Scott looks at a weekend where the wide releases didn't meet the expectations the studios had for them. Though one picture fared far better and could be considered a decent success, while the other might be the signs of the death of an entire genre.
While it was not able to see a boost over the franchise starter Divergent, Insurgent (seeing a theme with the names?) still was able to have a healthy opening weekend and posted almost the exact same debut take as the first with $54 million. Lionsgate/Summit was not merely hoping for a similar success, but seemed to be banking on a sizeable increase in interest for the franchise. This can be evidenced by the fact that the budget for Insurgent was approximately thirty percent larger than the first film, as well as having an aggressive marketing campaign that highlighted action above everything else. Reaching for the growing franchise can be a bar that is set rather high. Even though The Hunger Games was a success for both audiences and critics, the sophomore attempt only brought an increase of four percent.
The studio was also offering Insurgent in IMAX and 3D, which Divergent did not have, to play off the more ‘epic’ vision of the film the marketing campaign held. In actuality, with the increased ticket prices associated with IMAX and 3D, the fact that this film had the same take as the first one indicates that there were less tickets sold overall. Where this movie really aims to make ground is overseas, where spectacle movies fare better. After its opening weekend, it is already becoming clear that the foreign markets are hungrier for this film. According to Box Office Mojo, Insurgent posted incredible gains over Divergent in France (increasing 71%), the UK (74%) and Brazil (106%).
Before the weekend began, I had a terrible feeling regarding the fate of Sean Penn’s action flick, The Gunman. The genre of older gents picking up guns is a fading sunset, and he arrived too late to the party. With next to no Twitter activity prior to release, The Gunman fell below most expectations and ended up with $5 million. This film should be a tombstone that reminds many others that peril is afoot when believing that it is easy to replicate the success of Taken.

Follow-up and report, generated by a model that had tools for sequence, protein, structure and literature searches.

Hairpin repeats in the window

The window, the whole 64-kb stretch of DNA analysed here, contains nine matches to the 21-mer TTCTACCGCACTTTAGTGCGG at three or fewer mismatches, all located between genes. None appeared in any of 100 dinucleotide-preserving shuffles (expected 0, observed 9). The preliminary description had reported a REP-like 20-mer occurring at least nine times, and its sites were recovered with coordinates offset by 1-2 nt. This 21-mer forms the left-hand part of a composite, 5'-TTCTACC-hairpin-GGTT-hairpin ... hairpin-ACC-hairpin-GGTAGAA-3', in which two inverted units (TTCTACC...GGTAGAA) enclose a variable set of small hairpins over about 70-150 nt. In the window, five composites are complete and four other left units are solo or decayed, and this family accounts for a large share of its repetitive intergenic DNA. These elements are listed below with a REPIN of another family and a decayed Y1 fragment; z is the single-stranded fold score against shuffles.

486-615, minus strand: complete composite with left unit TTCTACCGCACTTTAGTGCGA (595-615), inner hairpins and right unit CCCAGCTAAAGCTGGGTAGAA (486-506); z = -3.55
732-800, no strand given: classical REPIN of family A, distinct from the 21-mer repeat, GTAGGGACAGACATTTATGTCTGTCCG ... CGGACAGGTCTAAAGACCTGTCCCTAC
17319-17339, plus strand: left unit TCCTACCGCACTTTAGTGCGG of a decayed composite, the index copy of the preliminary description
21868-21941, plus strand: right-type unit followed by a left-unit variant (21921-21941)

With a rumoured production budget of $40 million, there seems to be no way possible that The Gunman will be able to salvage this situation. The film sits in thirty third spot for worst opening for films opening in over 2,500 theatres and joins the likes of other 2015 releases Blackhat, Mordecai, Unfinished Business, and Strange Magic in the top fifty.
The faith based film Do You Believe? was a very difficult one to predict. These types of movies don’t generally have the same indicators in the build-up. A lot of the success seems to do with the promotion from churches and that sort of word of mouth. Whatever the case, the same level of interest shown in last year’s films God’s Not Dead, Heaven’s For Real, and Son of God could not be found here. Do You Believe? opened to a soft $4 million dollars over 1,320 theatres. It may be the smallest total made from an opening film this week, but it does have the leg up on The Gunman for average money made per theatre, posting a modest $3,030 to Sean Penn’s $1,786.